Posts tagged ‘happiness’

April 22nd, 2010

Don't You Dare Rain on My Parade!

by Madeleine Rex

Yes, that’s an awesome umbrella.

But I’m not here to talk about awesome umbrellas (but, oh! Have you seen those cool ones that are clear and look like mushrooms? I want one.), I’m here to talk about something that people struggle with nearly incessantly. Like rain, where I live.

The downers. Those people who virtually drench you with their pessimistic comments. The Dementors of this non-magical writing world. Here’s a sketchy list of the templates these buggers seem to use. A majority of what you may hear is a variation of one of the following:

You’re wasting your time. You’ve gone through ten revisions and still haven’t finished. Go drink some Dr. Pepper and live a little.

Books?!? Reading stinks. (<– What you hear in Middle School.)

That publishing. I bet it’s a difficult business, just like everything else. How do you think you’ll break in and stick?

Or worse:

You write? For a living? Is that legit? Isn’t that a hobby? How the heck do you feed yourself?

I don’t blame you if you skimmed that bit. It’s quite gruesome, isn’t it?

Some of you might work more efficiently with Dementors attempting to suck the happiness out of you. The irritating persistance of said Evil People might simply encourage you in an odd, sick way. You want to prove them wrong. You want to be able to buy them an astonishingly expensive Christmas gift and not be scraping at the bottom of your savings, simply to prove them wrong. You did it. You’re in. You’re sticking. You’re a stinkin’ writer.

Of course, not all of those nagging remarks apply solely to publishing. The writing itself can be tenuous, and it’s likely that, along the way, you’ll run into the folks who repeatedly deliver the Dr. Pepper line.

As Middle School students, the few classmates that have heard about my writing endeavors stared at me in awe and called me crazy, but not to discourage me. When I brought my MS to school, some of those children thought it was cool, and others still thought I was just crazy. I haven’t heard too many of those biting, stinging, clawing “mean things.” If I did encounter pessimistic people, dry of hope, who tried to impress on me that I was wasting my time or helpless, I  think I’d bite back. Bite hard. I’d show them that, despite being soaked down to my underclothes, I could make it. I could actually do this writing thing.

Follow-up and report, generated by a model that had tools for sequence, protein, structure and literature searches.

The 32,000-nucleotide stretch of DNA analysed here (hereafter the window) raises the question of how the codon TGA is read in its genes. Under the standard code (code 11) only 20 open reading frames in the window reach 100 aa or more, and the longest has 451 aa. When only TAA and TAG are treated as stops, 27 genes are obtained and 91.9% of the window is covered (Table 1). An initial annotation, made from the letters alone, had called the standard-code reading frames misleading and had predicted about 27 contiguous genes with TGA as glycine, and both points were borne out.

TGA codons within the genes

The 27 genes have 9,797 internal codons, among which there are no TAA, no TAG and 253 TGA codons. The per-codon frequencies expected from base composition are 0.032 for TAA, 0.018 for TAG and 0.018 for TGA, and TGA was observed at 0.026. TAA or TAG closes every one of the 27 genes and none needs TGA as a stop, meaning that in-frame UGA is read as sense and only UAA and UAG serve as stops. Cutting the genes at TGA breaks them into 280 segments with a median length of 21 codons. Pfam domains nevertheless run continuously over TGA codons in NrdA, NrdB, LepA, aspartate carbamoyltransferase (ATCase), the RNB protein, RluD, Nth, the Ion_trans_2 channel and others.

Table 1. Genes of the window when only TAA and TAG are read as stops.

I’d also try to remember the various sweetly encouraging things I’d heard. We all have a list of these running through our head as well, and they can keep us rolling as steadily as any insult. Here are some random templates of “happy things” (not all of which I’ve heard):

Wow. I could never do that. Cool.

This is great. I like your main character’s voice.

Holy cow. That’s one thick stack of paper! Did you kill a tree?

You worked on that every day? Impressive. You must have a lot of self-discipline.

I’d like to offer you representation. (Yeah, baby!)

Use them like towels and dry yourself off. Shake your hair like a dog and fling those despicable “mean things” onto the walls.

How do you keep those harsh comments from permeating your soft skin? Do you even try? Do you simply make the rain work for you?

April 3rd, 2010

Sorta Like A Rock Star GIVEAWAY! [CLOSED]

by Madeleine Rex

EDIT: This giveaway is now closed. I will announce the winners tomorrow or Thursday!

A wonderful gal over at Little, Brown Books for Young Readers is supplying me with FIVE copies of Matthew Quick’s Sorta Like a Rock Star to give away! This is a killer opportunity to get a hold on this wonderful book. If you’d like to read my review, click.

The giveaway is open to people in the US only (no PO boxes, either). The final day to enter is May 11th (this date might change. I’ll edit this if/when it does). I’ll close this contest sometime in the evening on that day.

I’ve recently discovered how awesome Google Docs is, so I’ve taken advantage of it…

To enter, fill out this form.

You can also look forward to an interview with Matthew Quick, which I’ll post soon (right now the trouble is coming up with decent questions)!

Thanks to Little, Brown for the five copies! This is a fantastic opportunity, fellow readers. This book is a gem.

March 31st, 2010